33 injured as demolition turns violent in San Juan | Inquirer News

33 injured as demolition turns violent in San Juan

Police set to file charges vs 24 protesters

BATTLE OF SAN JUAN Residents of a demolition site turn violent, throw bottles and rocks at police in San Juan City. Several residents, policemen and demolition crew members were injured. AP/Bullit Marquez

MANILA, Philippines—Some 400 policemen and members of a demolition team who descended on Barangay (village) Corazon de Jesus in San Juan City Wednesday morning were met with molotov bombs, fist-sized rocks and empty bottles by defiant residents.

“Patay kung patay. Hindi kami aalis dito (We’ll die if we have to. We’re not going anywhere),” a man who lived in the area was heard saying.


From 9 a.m. to 11 a.m., residents hurled projectiles as the police and demolition crew hid behind shields. From time to time, explosions caused by molotov bombs would drive the authorities farther back while fire trucks moved in to put out small fires.

At one point, the fire trucks and a bulldozer tried to break up the residents’ ranks but they proved useless.


What finally sent the residents fleeing were tear gas canisters hurled into their midst.

After the tension died down, 33 people were reported to have suffered injuries. Of the total, only seven were from the residents’ side while the rest were policemen and members of the demolition crew. One policeman had to be treated for burns after his right arm was hit by burning shards which came from a molotov bomb.

Grace Cortes, the city’s public information chief, said that eight of the injured were rushed to San Juan Medical Center for treatment.

“Some suffered abrasions while others had bruises after they were hit by stones or marbles,” Cortes added.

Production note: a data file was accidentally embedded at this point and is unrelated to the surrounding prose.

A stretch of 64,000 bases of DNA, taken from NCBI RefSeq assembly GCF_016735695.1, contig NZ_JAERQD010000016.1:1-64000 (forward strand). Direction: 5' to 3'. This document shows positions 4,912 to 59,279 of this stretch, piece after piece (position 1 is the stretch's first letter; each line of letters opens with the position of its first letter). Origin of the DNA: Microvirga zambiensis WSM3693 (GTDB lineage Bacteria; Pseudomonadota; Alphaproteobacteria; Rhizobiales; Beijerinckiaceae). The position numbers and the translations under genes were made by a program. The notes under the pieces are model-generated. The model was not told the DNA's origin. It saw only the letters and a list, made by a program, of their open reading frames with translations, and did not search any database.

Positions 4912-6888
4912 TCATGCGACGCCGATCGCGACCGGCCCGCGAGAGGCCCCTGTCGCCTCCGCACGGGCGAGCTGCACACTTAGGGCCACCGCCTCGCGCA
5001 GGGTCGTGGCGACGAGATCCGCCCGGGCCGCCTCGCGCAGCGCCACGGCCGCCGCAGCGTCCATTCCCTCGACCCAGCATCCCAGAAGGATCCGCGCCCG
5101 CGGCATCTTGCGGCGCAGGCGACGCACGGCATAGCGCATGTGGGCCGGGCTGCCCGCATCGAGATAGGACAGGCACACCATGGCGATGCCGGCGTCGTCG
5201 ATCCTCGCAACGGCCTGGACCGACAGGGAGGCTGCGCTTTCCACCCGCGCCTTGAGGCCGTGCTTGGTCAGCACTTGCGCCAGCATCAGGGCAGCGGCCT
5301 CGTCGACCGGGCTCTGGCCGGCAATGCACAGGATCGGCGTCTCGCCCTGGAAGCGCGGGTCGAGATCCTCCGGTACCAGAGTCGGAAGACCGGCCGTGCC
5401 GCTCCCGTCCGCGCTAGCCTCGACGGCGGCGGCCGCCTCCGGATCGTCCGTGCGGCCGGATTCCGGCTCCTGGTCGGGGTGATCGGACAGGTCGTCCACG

The police later rounded up 18 residents who allegedly took part in the violent clash and took them to the San Juan Police headquarters. Six protesters who held a rally in front of the police station to demand the release of the 18 were also held by authorities.

“One thing for sure, we are going to file charges. Look at what they did to our policemen,” said Senior Superintendent Rainier Espina, city police chief.

The police, however, denied that they were behind the firing of the tear gas canisters. “It did not come from us. It came from them [residents],” Supt. Tomas Arcallana, the head of the police team which was deployed to the demolition site, told the Inquirer.


He added that they only took advantage of the confusion created by the tear gas to disperse the protesters.

A resident admitted that they could have kept the police and demolition crew at bay indefinitely if not for the tear gas thrown into their ranks.

“We would have won if not for the tear gas,” said a crying 15-year-old girl in Filipino. She identified herself only as Kat.

She said that her family had lived in the area—a portion of a 1.6-hectare government property beside the historic Pinaglabanan Shrine—for more than two decades.

Kat added that they had refused the offer to be relocated to a housing site in Barangay (village) San Isidro in Rodriguez, Rizal, because it was too far away from her school, the hospital and her parents’ workplace.

“They are so evil. Why are they doing this to us?” she said, referring to authorities.

According to Cortes, the defiant residents were only a minority as 73 of the 123 families in Barangay Corazon de Jesus, the last batch to be evacuated, had agreed to move out. They were also offered P10,000 in cash and half a sack of rice.

Since last year, 400 families in the area have been relocated. The government plans to build a new city hall and one-stop-shop government center on the disputed lot.—With Karen Boncocan, INQUIRER.net

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TAGS: demolition, News, Police, Poverty, San Juan, Slums, squatters, Violence
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